The film follows Issac (Taylor-Johnson) and Matthews (Cena), two soldiers who have been sent to scope out an area of Iraq that has called for assistance. Finding the area full of dead workers, all taken out by sniper fire, the two men have been watching the area for hours before declaring the area clear. Unfortunately for them they are not alone, and a lone Iraqi sniper takes Matthews out leaving him defenseless in the middle of the desert. As Issac attempts to help his fallen friend the sniper takes aim at him, shooting his leg and forcing Issac to take cover behind a crumbling wall. When I say crumbling wall, it is the most flimsy badly built wall you have ever seen. This really builds the tension in the film, especially early on when Issac is trying to make a hole to place his scope and gets part of his hand caught in the falling rubble.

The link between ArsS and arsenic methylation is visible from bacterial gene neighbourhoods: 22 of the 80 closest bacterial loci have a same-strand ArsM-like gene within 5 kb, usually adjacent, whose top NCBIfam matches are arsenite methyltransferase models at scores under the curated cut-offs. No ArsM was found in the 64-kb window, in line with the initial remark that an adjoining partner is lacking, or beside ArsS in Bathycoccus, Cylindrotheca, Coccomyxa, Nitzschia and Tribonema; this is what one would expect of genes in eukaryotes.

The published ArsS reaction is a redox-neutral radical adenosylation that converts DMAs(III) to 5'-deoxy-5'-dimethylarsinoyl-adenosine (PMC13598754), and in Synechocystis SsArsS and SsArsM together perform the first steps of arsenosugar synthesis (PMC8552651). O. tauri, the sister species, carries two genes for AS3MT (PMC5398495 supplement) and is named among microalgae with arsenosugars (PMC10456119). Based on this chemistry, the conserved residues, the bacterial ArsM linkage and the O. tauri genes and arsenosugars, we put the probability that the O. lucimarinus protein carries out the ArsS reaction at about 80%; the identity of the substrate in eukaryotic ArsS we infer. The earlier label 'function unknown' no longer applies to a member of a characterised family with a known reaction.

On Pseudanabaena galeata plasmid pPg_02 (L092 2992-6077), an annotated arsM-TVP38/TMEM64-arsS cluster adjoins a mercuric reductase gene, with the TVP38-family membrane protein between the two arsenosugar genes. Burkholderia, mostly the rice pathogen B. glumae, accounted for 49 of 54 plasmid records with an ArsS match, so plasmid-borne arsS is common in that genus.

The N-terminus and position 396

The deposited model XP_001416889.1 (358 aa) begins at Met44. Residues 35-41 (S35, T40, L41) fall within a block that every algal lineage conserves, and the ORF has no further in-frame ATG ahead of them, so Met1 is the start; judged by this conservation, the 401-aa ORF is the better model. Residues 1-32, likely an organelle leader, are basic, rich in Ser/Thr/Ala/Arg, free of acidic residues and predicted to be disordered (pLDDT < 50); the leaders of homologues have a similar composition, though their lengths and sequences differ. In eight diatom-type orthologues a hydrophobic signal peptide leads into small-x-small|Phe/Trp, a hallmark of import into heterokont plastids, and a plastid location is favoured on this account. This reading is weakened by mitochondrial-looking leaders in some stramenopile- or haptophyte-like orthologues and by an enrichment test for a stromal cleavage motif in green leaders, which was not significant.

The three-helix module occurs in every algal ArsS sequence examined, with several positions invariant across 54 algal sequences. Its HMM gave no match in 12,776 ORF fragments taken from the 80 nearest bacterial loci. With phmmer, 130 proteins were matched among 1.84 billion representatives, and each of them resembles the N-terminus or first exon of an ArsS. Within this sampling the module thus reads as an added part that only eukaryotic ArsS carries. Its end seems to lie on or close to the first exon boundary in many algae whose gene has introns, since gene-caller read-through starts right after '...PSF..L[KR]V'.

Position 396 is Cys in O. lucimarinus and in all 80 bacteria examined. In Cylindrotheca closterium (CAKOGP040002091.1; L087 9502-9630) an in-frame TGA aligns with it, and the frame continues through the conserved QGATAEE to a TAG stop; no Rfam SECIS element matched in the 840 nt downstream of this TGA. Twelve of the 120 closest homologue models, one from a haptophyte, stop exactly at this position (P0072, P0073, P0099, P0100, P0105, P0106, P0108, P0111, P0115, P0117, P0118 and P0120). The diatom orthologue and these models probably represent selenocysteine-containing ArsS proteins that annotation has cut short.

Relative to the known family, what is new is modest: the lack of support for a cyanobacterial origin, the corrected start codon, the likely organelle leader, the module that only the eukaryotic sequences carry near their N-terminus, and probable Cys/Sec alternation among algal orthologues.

The film continues as Issac and The sniper, who we find out is named Juba, a myth among the soldiers as a ghost sniper, start to talk with Juba trying to get inside the head of Issac.The mind games continue as Issac tries to figure out where Juba is hiding, all the while not knowing if his friend is still alive.
The Wall is tense, and Taylor-Johnson does a great job here, but overall the film does a have a few moments of tedium. You don't get the same race against time feel that you get with Buried or Grand Piano but what really works in this films favor is the performances.
This is a good watch, and if you like your war films tense you will like this one. Cena is good for the small scenes he is in and Taylor-Johnson is amazing throughout.